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Willis Walker: Pioneer and Multi-tasker

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By Joe Gschwendtner; photo courtesy of US Patent office and Douglas County Library History Research Section

Photo of the US Patent office

Photocopy from the US Patent office which shows Willis Walker’s invention, the harrow plow.

Willis Walker likely often lived in the shadow of his wife Sarah, known nationwide and internationally for her work with Colorado wildflowers.  On closer historical inspection, we find that Willis was no shrinking violet.

Born in 1858 and later married in Kalamazoo, Michigan, Willis came west with bride Sarah in the late 1800s.  The Wildcat Mountains caught their fancy and they plunked down cash to purchase 160 acres in 1890.  Calling their place “Usus Ranche,” they lived on high summit land in the northwest corner of Section 9.  Prime land today, it straddled holes 2 and 3 of the Country Club at Castle Pines golf course and the southeast end of The Ridge at Castle Pines North golf course.  Wildcats roamed freely then, and Walker reported killing seven before he even took title to the ranch.

He was a skilled brickmaker.  Neighbors Charles Woodhouse and Wallace Holcomb helped fund construction of a high output kiln allowing for greater productivity.  Among his projects was a parsonage for the Castle Rock Methodist Church and a local bank building.

Walker intermittently worked mining claims in Cripple Creek and Rico.  Perhaps this was due to the influence of his neighbor Bill Scheafermeyer, who had struck pay dirt in his own Silver Surprise Mine.  Walker’s name is also found in newspaper ads, periodically offering ranches for sale.  More notoriety accrued for him as a District 31 school board member.

As the century wound down, Walker was elected Douglas County clerk.  Thus, his name appears regularly in official transactions of those years.  Striving later to become county treasurer, Douglas County voters deemed him unworthy of the higher office.  A festering feud with Harry Jones, the county sheriff did not likely help him, especially as Jones accused Walker of slander and defamation in Castle Rock newspapers.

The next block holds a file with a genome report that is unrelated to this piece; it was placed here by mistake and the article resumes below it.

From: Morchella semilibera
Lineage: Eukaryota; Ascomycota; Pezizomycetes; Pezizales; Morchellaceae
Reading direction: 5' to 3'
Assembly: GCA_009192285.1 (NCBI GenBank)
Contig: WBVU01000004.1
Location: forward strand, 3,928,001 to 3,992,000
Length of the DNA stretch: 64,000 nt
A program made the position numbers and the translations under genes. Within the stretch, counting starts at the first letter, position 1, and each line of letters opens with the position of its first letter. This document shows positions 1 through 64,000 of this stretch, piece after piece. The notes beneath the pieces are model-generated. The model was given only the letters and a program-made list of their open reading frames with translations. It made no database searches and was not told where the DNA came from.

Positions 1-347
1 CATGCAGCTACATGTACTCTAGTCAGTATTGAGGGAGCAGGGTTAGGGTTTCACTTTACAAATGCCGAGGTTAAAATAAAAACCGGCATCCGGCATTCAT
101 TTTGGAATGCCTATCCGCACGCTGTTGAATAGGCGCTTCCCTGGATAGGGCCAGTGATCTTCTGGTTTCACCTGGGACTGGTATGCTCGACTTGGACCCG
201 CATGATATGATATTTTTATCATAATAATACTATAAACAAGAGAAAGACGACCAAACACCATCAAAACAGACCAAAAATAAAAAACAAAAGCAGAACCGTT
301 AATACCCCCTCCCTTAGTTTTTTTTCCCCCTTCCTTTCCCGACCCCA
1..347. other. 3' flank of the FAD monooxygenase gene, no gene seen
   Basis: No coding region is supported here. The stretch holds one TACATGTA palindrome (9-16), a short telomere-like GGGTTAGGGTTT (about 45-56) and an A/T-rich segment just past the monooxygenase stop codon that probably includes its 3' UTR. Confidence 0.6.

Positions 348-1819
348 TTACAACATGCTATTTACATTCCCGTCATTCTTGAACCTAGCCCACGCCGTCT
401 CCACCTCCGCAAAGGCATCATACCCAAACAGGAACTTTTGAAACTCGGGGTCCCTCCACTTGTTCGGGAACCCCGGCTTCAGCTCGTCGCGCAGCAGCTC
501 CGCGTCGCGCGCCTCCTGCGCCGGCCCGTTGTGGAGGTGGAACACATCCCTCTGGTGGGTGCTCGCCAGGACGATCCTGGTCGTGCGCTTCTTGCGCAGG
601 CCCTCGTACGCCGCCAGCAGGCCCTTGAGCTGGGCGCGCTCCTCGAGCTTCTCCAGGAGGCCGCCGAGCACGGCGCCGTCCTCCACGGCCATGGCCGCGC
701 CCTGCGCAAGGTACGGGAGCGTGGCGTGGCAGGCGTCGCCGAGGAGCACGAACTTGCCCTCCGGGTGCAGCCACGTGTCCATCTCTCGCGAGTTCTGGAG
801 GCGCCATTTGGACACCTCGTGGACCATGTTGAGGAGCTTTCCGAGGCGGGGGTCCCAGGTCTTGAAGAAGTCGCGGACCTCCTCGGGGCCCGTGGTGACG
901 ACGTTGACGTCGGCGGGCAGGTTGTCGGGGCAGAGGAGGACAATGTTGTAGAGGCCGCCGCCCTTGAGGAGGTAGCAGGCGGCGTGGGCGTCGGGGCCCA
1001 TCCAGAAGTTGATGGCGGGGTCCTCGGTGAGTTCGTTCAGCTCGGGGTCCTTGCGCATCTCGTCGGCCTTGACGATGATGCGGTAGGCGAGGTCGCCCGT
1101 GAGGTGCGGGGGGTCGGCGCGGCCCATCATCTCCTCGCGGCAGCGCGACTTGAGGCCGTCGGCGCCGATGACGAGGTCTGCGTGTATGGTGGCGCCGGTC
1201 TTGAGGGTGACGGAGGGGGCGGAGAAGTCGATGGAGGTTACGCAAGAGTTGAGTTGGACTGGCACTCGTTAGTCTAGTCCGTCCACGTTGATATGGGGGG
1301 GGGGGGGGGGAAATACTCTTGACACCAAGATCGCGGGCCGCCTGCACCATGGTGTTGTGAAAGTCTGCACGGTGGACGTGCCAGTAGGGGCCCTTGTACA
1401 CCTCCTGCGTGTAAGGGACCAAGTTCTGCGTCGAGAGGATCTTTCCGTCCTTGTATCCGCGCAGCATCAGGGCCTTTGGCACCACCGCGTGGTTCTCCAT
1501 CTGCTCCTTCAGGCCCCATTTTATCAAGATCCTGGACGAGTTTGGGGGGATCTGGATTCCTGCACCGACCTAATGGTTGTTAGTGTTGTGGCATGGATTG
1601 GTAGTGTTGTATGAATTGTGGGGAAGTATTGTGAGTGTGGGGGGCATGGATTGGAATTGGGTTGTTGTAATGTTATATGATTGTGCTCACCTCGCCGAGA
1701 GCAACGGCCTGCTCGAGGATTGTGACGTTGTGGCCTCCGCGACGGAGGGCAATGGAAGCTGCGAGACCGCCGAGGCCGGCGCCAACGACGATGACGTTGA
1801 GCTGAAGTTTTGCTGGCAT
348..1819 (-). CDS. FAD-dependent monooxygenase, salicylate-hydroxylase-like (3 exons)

In his spare time, Walker sang, acted and was choir director of the Sunflower Grange.  A serious rock hound, his “agatized, crystallized, fossilized, and petrified” collection was often exhibited at county fairs.  Left with enough time to tinker, he was an inventor with two patents to his credit.

The first idea (#837,986) was sheer genius.  His device was a convenient lightweight harrow plough attachment allowing farmers to deep till the soil and then, on the same pass, break up surface clods.  His slogan was “one man, one team, doing the work of two.”  The other invention was a puzzle (#393,854) made of five layers of trapezoids and triangles that, when properly fit together would become a cube.  Many confined and windy winter nights in his summit cabin may well have helped unleash those creative juices.

Walker and Sarah raised two children, Dexter, born in 1891 and Enid, in 1896.  Like the children of the three Chase brothers, they attended District 31 Round Top School.  One-room schoolhouses had their limitations and eventually he and Sarah decided that city schools would serve their children better.  Possibly also growing wilderness weary, they departed the Wildcats in 1907 to take up final residence at 3857 Xavier Street in Denver’s Berkeley Park.



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